Council member Marty Grossman expressed his concerns about traffic noise from the adjacent high-volume roadways. Venberg said the units would be well insulated to include soundproof windows. Grossman said it's an impressive plan but parking is always a consideration. Venberg explained that every multi family unit would have an assigned parking space and residual parking spaces would be available for visitors.

The final discussion point was a consideration to designate a one-square-mile Entertainment District, which exempts liquor establishments from having to comply with the distance requirements of 300 horizontal feet between the establishment and a church or school building, according to a staff report. The boundaries of the proposed Entertainment District will go before the Planning and Zoning Commission at a later date.

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Reader Comments

Posted: Wednesday, January 15, 2014
Article comment by: curious citizen

Oh my,
more building....
I have one question for you all...
just sayn....

Posted: Friday, January 10, 2014
Article comment by: Confused in Prescott

Why is this article not seen in the Daily Courier edition? Seems that the majority of PV news gets to the DC, but not this.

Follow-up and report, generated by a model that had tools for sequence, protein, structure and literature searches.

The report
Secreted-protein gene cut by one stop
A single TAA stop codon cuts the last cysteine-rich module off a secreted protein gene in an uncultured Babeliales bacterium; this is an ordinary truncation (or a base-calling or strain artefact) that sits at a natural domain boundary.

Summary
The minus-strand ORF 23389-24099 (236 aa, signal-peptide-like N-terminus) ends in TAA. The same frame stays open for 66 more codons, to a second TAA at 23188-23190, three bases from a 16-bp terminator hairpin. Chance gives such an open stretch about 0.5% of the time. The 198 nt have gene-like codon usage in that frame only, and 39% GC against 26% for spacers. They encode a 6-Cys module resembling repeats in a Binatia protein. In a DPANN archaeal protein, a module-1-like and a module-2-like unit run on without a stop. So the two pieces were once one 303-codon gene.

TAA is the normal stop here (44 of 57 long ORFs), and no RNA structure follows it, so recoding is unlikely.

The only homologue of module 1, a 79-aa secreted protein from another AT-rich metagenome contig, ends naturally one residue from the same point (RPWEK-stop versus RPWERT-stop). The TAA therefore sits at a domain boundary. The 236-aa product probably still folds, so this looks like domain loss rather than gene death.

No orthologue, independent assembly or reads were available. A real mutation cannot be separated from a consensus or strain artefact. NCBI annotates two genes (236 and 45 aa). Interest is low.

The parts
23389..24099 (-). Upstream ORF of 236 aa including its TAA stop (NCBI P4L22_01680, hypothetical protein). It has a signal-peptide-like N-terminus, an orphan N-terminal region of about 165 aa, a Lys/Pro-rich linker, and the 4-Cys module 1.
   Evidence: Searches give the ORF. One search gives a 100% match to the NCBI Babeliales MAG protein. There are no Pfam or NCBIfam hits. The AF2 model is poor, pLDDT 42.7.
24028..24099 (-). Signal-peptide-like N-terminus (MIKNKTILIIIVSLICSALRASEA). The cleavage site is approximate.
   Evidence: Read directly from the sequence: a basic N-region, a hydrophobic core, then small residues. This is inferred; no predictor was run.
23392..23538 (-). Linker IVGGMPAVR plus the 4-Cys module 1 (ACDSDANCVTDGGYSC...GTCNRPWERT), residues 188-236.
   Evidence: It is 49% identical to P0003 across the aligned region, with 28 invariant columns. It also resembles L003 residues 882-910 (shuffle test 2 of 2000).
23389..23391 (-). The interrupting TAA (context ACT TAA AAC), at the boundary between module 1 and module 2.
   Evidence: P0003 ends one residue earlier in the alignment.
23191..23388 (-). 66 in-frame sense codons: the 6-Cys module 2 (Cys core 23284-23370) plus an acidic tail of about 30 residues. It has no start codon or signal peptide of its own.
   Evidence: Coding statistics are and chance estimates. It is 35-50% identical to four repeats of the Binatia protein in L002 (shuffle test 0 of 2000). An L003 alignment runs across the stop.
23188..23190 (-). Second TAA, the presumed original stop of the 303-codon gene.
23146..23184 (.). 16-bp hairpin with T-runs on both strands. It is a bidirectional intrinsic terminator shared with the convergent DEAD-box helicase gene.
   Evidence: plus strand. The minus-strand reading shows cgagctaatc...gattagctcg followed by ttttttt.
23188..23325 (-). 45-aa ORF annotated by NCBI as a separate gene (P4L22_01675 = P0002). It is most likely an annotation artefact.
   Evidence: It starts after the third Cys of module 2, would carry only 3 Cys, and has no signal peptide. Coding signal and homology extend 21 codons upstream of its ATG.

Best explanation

Hmmm. Makes one wonder.

Posted: Friday, January 10, 2014
Article comment by: RICK ALLEN

I do not think they should allow these so called Luxury Apartments to go up. The term Luxury is used way to often to get people to think that Apartments are going to be something special. I have not seen that yet in Prescott Valley, and this will be no different. What will happen is this, it will bring more crime to the Entertainment District, and surrounding area. Lets look at the crime inside the Apartments at Windsong and Lakeshore Dr. This would be carried over to the Entertainment District. It is bad enough already. These so called Luxury Apartments will only turn into low rent housing units just like the ones on Windsong and Lakeshore. Keep our downtown area clear of this type of building, keep it commercial only. Lets make those that would bring crime to the Entertainment district have to drive there, Lets not make it easy on them.